Passion of Mind

Directed by Alain Berliner
Starring: Demi Moore, Stellan Skarsgård, William Fichtner, Sinéad Cusack, Peter Riegert, Joss Ackland.
MPAA Rating: PG-13 for scenes of sexuality.

Review by Matt Heffernan
June 23, 2000

It's been three years since Demi Moore has been on the silver screen, keeping herself busy with a very public divorce from Bruce Willis. As his career continued to make him an even bigger star, Moore had only a string of critical and financial disappointments to look back on. She has finally tried to make a comeback, but so far it has failed to gain much attention.

In Passion of Mind, she plays a woman who lives two lives. As Marty, she is a literary agent in New York, single and dating her pick of men. When Marty falls asleep, however, she awakes as Marie, a widow with two daughters living in France. There, she is a book critic, and leads a very private life. Then, she falls asleep, and she is Marty again, waking up in her Manhattan apartment.

In both lives, she consults with psychiatrists, each trying to convince her that the other life is the dream. They both fall in love, as well -- Marty with the accountant (William Fichtner) of one of her clients, Marie with the author (Stellan Skarsgård) of a book she has recently panned. She tells her lovers about each other, but that may prove to be a mistake as carrying on both lives becomes too much to handle.

This film does manage to work on the level of a romantic drama in certain parts. The relationships are believable, but the high concept connecting them does not make Passion of Mind greater than the sum of its parts. The only perceived benefit is that Moore can make love to two men at the same time without much guilt. Beyond that, the only concern is which life is real.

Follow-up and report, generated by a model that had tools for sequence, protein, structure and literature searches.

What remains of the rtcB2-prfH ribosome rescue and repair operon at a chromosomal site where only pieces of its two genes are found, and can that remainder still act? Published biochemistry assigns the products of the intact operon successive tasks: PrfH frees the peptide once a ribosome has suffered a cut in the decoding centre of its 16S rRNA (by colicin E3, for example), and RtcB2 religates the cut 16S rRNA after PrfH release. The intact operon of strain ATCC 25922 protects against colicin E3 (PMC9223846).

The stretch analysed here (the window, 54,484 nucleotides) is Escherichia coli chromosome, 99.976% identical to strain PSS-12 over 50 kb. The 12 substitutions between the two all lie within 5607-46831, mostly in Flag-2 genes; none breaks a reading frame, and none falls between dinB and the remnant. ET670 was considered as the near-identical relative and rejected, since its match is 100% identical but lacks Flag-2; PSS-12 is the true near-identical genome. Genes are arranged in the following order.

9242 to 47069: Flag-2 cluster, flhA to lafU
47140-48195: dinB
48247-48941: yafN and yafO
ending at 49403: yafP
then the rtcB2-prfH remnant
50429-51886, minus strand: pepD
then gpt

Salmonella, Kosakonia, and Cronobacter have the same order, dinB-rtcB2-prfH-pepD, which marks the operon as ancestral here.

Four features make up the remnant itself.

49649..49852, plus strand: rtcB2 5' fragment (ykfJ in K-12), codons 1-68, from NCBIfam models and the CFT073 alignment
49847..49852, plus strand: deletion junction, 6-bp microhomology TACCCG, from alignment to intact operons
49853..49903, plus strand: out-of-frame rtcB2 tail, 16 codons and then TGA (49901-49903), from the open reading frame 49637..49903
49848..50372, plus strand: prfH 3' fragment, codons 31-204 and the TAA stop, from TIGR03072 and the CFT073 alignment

I'll admit that it's a clever spin on the tired whodunit genre. Unfortunately, it doesn't stand up to scrutiny very well. Surely, one of her characters could go where the other lives, not to mention the time zone logistics and sleeping patterns. In the end, the answer is not entirely satisfying, and almost causes one to wonder whether the real Demi was a complete idiot.

I did enjoy the film in parts, but I couldn't recommend it as a whole. If you want to save eight bucks, you can just email me, and I'll tell you which character is dreamed by which. However, judging by the film's box office take, few people really care. So much for the big comeback.


For more information, go to the Internet Movie Database:
Passion of Mind (2000)

Here's some merchandise for sale at Amazon.com
Passion Of Mind (2000) -- VHS
Passion Of Mind (2000) -- DVD
Passion Of Mind: Music From The Motion Picture -- Compact Disc


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Review © 2000 Matt Heffernan